How to Move Safely in Extreme Weather

In most cases of extreme weather, we recommend biting the bullet and postponing your move. The hassle of waiting a day or two is not worth the risk of seriously injuring yourself or damaging some of your precious items.

Moving companies may or may not be flexible, so make sure to talk to them about your rescheduling options should a major storm hit on your scheduled moving day.

If they refuse to change the date, or for whatever reason you simply must stick to your planned moving day, we’ve put together the following guidelines to help you execute your move safely.

First Things First

Extreme weather makes routine moving steps, thing you should be doing anyway, even more essential to check off your list. Whether you’ll be dealing with extreme heat or cold, you’ll want to do the following:

  • Keep track of weather reports in the week leading up to the move and check them frequently the day before and day of the move. Keep an eye on where big storms are headed and plan your route accordingly, going out of your way to avoid the worst of it if possible.

  • Wear proper foot-wear in rainy/snowy weather.

  • Lay down cardboard, old carpet, blankets, etc. to protect your floors and carpets from mud and water. You can also set up an assembly line, so that clean shoes stay inside and dirty shoes outside.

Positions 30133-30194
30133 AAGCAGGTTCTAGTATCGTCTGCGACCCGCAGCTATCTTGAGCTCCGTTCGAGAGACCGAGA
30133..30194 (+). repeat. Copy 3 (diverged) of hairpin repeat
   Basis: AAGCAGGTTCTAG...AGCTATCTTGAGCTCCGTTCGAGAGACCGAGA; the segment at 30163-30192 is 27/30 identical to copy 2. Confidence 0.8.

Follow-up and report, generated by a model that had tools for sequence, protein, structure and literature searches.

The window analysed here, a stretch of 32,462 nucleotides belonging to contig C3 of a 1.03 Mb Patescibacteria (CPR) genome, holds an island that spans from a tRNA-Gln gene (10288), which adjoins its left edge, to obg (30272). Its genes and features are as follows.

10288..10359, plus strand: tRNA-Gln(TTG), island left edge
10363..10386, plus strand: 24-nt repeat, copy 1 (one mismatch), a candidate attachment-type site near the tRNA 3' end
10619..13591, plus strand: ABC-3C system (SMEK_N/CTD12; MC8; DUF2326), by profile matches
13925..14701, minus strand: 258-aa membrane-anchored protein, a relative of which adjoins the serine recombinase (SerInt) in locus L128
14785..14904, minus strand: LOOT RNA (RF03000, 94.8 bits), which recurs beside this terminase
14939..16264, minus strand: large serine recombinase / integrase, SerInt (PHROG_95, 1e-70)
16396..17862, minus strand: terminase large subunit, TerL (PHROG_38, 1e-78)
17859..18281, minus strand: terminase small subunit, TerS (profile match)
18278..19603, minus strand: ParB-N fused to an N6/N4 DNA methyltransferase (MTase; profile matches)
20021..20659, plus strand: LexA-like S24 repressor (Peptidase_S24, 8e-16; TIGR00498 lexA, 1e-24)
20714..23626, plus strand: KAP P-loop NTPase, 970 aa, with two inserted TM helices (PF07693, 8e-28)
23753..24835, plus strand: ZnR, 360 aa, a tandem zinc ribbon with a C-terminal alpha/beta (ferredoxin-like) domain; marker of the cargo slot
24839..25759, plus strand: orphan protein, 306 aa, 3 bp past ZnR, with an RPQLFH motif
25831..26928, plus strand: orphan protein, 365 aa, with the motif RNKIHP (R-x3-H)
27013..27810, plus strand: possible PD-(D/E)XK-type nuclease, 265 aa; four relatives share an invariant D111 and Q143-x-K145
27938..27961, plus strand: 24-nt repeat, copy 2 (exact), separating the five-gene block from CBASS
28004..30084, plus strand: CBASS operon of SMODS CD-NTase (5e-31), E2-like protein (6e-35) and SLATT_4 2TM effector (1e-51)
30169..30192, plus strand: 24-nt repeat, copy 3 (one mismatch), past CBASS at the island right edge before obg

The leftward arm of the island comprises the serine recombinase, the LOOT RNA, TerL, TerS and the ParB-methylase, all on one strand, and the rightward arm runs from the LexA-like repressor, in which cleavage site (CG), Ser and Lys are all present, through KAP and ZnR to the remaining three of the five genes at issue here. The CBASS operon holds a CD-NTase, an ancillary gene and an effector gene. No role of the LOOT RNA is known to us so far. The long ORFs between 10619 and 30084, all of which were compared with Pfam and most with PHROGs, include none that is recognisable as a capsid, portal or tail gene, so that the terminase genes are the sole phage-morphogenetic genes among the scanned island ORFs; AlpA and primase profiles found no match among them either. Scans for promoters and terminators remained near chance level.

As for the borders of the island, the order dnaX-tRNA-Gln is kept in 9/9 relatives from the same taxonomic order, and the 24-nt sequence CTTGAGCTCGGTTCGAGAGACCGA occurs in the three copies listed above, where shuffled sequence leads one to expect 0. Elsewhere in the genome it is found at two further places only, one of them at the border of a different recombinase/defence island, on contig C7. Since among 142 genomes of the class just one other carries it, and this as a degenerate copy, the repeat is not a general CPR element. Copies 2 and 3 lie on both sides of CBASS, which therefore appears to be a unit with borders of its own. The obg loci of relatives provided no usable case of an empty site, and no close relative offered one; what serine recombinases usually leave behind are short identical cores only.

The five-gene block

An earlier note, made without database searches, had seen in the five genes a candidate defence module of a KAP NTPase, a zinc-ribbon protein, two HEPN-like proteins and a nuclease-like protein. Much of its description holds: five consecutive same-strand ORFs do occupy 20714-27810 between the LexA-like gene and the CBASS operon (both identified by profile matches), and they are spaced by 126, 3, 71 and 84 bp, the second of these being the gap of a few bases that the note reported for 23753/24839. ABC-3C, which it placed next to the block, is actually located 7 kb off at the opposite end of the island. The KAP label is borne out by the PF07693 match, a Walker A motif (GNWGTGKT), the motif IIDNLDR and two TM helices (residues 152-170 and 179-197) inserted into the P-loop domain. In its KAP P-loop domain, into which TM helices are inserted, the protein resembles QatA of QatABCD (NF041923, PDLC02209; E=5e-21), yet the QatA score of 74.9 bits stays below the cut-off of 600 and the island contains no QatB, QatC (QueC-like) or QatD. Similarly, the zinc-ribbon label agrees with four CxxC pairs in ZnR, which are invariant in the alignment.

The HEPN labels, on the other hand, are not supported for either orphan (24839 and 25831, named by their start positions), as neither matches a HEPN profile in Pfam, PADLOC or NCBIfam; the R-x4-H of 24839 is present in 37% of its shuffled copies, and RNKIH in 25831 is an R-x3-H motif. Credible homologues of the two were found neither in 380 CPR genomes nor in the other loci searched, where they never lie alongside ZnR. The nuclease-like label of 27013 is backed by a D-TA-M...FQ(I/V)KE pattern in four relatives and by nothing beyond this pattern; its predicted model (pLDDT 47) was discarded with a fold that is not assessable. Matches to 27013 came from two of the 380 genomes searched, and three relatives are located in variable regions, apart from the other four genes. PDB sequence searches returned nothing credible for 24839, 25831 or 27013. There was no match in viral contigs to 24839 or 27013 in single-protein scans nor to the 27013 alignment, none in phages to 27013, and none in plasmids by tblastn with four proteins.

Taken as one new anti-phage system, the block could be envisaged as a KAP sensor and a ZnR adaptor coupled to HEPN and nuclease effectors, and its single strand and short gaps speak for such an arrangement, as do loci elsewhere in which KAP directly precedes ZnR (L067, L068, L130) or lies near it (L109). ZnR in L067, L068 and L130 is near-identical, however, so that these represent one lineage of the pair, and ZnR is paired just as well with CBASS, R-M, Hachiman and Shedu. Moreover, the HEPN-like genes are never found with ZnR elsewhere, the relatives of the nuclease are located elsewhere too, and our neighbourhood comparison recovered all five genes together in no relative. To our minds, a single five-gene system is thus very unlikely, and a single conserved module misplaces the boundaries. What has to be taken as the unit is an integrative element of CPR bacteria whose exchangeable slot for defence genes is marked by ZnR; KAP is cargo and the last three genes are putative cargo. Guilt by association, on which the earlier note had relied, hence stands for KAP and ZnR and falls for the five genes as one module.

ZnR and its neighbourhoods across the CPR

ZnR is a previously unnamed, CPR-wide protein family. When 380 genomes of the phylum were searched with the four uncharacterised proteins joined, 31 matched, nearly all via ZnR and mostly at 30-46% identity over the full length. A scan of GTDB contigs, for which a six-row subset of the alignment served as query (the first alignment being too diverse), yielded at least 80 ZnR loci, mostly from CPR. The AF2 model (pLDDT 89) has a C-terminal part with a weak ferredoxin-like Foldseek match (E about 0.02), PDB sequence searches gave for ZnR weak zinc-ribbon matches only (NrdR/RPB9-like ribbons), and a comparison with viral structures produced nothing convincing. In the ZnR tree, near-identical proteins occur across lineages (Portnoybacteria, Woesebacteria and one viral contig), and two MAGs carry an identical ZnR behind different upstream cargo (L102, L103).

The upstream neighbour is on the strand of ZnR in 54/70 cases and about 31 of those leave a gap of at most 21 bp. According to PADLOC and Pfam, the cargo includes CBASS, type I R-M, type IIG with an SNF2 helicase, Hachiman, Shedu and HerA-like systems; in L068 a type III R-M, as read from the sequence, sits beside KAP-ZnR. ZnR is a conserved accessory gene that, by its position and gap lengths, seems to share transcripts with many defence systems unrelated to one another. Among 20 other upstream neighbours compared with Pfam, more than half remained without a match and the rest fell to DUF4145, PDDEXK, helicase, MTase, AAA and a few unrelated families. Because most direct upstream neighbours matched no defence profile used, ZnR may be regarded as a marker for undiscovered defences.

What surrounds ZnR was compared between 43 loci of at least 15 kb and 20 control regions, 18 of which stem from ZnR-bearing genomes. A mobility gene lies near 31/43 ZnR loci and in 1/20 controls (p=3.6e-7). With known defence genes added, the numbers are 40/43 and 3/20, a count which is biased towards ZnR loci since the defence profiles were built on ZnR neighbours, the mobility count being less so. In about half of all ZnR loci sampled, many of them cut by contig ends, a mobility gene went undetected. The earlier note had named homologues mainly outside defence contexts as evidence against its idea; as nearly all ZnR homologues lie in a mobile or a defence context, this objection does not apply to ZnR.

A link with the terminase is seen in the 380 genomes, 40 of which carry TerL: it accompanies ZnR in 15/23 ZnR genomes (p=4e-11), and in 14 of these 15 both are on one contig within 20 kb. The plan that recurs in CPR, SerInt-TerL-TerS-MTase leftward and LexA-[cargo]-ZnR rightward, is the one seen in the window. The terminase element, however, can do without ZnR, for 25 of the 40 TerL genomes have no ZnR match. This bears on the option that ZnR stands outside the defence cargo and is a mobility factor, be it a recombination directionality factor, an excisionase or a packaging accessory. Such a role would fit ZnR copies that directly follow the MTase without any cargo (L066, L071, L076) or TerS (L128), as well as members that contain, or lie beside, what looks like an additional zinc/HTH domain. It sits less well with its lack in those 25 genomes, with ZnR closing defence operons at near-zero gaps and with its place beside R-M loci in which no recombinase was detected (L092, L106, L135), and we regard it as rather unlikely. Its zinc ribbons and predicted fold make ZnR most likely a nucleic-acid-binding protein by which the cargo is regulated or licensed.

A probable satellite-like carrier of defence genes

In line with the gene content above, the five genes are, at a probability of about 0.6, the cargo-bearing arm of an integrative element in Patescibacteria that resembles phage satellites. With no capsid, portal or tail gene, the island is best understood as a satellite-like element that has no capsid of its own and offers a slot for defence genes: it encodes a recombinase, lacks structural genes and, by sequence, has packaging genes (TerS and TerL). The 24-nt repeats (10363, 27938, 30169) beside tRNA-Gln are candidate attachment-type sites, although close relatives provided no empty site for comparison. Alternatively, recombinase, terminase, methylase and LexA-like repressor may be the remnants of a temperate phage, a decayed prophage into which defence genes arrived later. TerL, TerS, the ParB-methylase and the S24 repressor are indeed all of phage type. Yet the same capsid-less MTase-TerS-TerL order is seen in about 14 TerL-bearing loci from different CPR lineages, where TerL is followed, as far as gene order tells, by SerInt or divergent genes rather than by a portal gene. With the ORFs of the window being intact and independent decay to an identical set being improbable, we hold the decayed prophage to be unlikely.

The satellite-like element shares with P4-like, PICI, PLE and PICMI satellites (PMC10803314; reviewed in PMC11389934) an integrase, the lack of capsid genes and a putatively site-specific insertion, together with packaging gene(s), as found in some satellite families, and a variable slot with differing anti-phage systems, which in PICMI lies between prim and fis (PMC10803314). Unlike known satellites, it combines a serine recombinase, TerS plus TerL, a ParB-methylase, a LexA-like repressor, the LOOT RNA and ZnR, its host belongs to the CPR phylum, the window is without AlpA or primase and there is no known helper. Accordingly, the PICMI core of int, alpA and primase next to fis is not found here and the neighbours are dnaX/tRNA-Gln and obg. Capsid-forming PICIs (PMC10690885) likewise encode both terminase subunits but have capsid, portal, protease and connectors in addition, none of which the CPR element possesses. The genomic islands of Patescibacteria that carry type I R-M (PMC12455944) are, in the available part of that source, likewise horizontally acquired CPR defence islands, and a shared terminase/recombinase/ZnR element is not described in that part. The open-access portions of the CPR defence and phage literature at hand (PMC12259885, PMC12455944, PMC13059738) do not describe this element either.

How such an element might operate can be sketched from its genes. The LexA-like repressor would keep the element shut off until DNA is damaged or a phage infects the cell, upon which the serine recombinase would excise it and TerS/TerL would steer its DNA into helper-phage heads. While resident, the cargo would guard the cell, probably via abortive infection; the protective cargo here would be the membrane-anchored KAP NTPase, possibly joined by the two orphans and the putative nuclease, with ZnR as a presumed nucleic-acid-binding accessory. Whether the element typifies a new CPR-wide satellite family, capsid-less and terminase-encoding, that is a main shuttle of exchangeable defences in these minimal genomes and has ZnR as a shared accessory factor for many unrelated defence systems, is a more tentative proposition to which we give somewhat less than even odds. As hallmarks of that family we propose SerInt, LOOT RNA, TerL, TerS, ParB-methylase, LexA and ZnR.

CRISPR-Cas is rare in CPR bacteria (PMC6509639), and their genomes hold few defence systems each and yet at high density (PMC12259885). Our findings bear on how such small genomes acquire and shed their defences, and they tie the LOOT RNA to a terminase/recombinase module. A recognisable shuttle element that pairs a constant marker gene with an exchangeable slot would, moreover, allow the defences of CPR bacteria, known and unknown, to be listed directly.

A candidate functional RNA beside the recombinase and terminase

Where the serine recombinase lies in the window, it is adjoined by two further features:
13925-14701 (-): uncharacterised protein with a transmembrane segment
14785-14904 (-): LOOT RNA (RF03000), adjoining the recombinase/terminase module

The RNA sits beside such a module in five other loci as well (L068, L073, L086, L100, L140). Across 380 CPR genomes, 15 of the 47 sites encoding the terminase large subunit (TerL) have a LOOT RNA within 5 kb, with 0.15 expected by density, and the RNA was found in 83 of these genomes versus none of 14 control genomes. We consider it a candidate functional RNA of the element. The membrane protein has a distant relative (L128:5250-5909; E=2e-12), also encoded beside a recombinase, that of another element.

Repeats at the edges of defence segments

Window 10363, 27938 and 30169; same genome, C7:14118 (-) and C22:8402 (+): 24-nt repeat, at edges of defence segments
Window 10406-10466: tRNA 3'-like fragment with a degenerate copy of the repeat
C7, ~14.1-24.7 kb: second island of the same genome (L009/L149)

• Keep temperature-sensitive electronics, artwork, and furniture in climate-controlled areas (i.e. not the back of a moving truck) whenever possible to avoid damages.

  • Make sure the utilities are on and working in your new home. Water, electricity, AC, and heating!

Moving in the Snow

  • Make sure all walkways are clear of snow or ice, and spread with sand/salt if necessary to prevent slips and falls.

  • Keep hot drinks on hand for everyone helping you move.

  • Service your car before the move, and make sure you have car insurance with roadside assistance.

  • Have a safety kit for the drive: rock salt, kitty litter, shovels, flares, tire-chains, extra gas, an emergency blanket, jumper cables, pocket warmers, a flashlight, extra batteries, cell phone chargers, food, extra clothing and a first-aid kit.

Moving in the Rain

  • If it’s especially wet outside, consider plastic wrapping your furniture, mattress, and cardboard boxes to protect them from water damage.

  • You can buy large rolls of plastic at stores like Home Depot and Lowe’s for much cheaper than what moving companies will charge for the service, or you can rent reusable plastic moving bins from companies like Gorilla Bins and Bin-It!

  • Have towels on hand to dry off yourself and your belongings.

  • If your cardboard boxes end up getting wet, unpack them as soon as possible to avoid mold buildup.

Moving in Hot Weather

  • Start your move as early as possible to take advantage of cooler morning temperatures.

  • Have water and other cold drinks on hand to stay hydrated and avoid heat exhaustion and heatstroke.

  • Avoid sunburns by covering up, using sunblock and taking regular breaks in the shade.

  • Have a change of clothes, towels and toiletries ready for a shower at the end of the day, because you’re going to get sweaty!

It’s easy to get caught up in the energy of a move, and lose yourself in the desire to finish everything as quickly as possible. This is dangerous behavior during extreme weather.